Women in orthopedics may receive fewer consulting, royalty industry payments than men
Results showed female orthopedic surgeons received fewer consulting and royalty payments from industry and for smaller monetary amounts than their male colleagues.
Using publicly available data from CMS, Anne H. Johnson, MD, FAAOS, and colleagues queried all payments from the medical industry to orthopedic surgeons from January 2016 to December 2017. Researchers filtered results to analyze only consulting fees, royalties or licensing fees and determined a physician’s orthopedic practice location, subspecialty and gender by performing an online search using the surgeon’s first and last names. Researchers compared payment quantities between groups of men and women, and further comparisons were made by stratifying results by subspecialty practice and geographic location.
Results showed industry reported 53,844 unique payments to orthopedic surgeons in all 50 U.S. states, the District of Columbia and Puerto Rico for a total of $815,833,096. Researchers found industry made 61% of the payments categorized as consulting, licensing or royalties to 3,418 (11%) of physicians, which accounted for 88% of the total money distributed.
Researchers noted 98% of the 3,418 physicians who received 88% of industry payments were male vs. 2% who were female, with 99% of men and 0.9% of women receiving single payments. Male physicians were paid $714,226,707 compared with $3,144,135 paid to female physicians, according to results. Researchers found men received greater total payments and had a higher median value of single payments.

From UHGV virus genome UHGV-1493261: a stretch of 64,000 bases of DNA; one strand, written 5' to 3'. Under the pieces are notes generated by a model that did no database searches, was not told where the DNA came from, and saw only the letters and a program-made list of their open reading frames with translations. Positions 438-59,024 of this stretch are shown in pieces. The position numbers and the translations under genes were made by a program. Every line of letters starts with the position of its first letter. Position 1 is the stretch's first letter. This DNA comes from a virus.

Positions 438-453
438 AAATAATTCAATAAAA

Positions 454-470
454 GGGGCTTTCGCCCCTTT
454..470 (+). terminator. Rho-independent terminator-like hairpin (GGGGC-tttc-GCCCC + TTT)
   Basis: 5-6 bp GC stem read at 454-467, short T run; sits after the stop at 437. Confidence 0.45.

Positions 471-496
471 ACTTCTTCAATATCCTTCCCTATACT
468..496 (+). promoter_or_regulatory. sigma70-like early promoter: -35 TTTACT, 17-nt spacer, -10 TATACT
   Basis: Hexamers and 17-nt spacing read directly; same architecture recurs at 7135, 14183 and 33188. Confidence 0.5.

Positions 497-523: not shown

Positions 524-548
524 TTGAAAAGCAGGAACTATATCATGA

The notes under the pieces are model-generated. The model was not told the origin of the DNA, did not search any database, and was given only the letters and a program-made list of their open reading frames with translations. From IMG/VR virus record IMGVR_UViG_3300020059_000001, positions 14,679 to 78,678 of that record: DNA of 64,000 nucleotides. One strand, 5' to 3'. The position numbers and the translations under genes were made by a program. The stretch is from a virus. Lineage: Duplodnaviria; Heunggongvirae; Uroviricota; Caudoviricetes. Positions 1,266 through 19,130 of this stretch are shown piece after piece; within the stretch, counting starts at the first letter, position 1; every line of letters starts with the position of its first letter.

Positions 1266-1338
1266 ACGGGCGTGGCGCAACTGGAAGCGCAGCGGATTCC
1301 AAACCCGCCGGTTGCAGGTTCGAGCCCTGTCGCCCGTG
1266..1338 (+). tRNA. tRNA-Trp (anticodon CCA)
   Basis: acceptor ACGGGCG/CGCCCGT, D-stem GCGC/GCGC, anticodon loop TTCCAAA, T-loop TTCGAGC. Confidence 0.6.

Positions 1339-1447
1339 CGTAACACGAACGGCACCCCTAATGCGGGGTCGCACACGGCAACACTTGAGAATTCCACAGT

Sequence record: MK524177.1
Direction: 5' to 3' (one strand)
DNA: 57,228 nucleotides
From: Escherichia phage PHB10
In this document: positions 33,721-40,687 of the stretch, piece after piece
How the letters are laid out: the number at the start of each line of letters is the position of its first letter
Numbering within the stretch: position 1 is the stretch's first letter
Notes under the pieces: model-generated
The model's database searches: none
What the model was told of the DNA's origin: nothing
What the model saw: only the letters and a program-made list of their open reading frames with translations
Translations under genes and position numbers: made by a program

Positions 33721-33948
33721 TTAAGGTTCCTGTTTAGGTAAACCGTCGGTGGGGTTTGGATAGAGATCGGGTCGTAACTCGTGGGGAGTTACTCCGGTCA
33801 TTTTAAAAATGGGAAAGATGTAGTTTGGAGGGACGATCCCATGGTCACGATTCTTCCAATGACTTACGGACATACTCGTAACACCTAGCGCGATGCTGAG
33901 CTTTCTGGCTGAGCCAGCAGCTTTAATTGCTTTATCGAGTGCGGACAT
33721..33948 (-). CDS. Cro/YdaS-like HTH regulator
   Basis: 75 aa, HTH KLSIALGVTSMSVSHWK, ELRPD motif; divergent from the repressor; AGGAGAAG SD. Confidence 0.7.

Although there are practicing female orthopedic surgeons in all United States territories, except Puerto Rico, results showed female orthopedic surgeons did not receive any money from industry in 24 of the 52 United States territories compared with male orthopedic surgeons who received payments from industry in all 52 territories. Researchers found female orthopedic surgeons in the West North Central regions were least likely to receive payments from industry. Compared with their male colleagues, women in general orthopedics and hand surgery were significantly less likely to receive payments from industry.
“Our study highlights further gender inequities within the workforce; in this case, we found that male orthopedic surgeons receive disproportionally more and higher royalty and consulting fees compared with female orthopedic surgeons,” Johnson, from Hospital for Special Surgery, told Healio Orthopedics. “As the number of women in this field grows, we must continue to strive for equal opportunities for all based on experience, quality of care and expertise rather than gender or race. This goal can be achieved by inviting every person to the table and expanding networks that are open to everyone.” – by Casey Tingle
Lechtig A, et al. ePaper 116. Presented at: American Academy of Orthopaedic Surgeons Annual Meeting; March 24-28, 2020 (meeting canceled).
Disclosure: Johnson reports she is a board or committee member for the American Orthopaedic Foot and Ankle Society and the AOFAMISS; is a paid consultant for Medartis, Novastep, Synthes and Wright Medical Technology Inc.; and receives IP royalties from Novastep.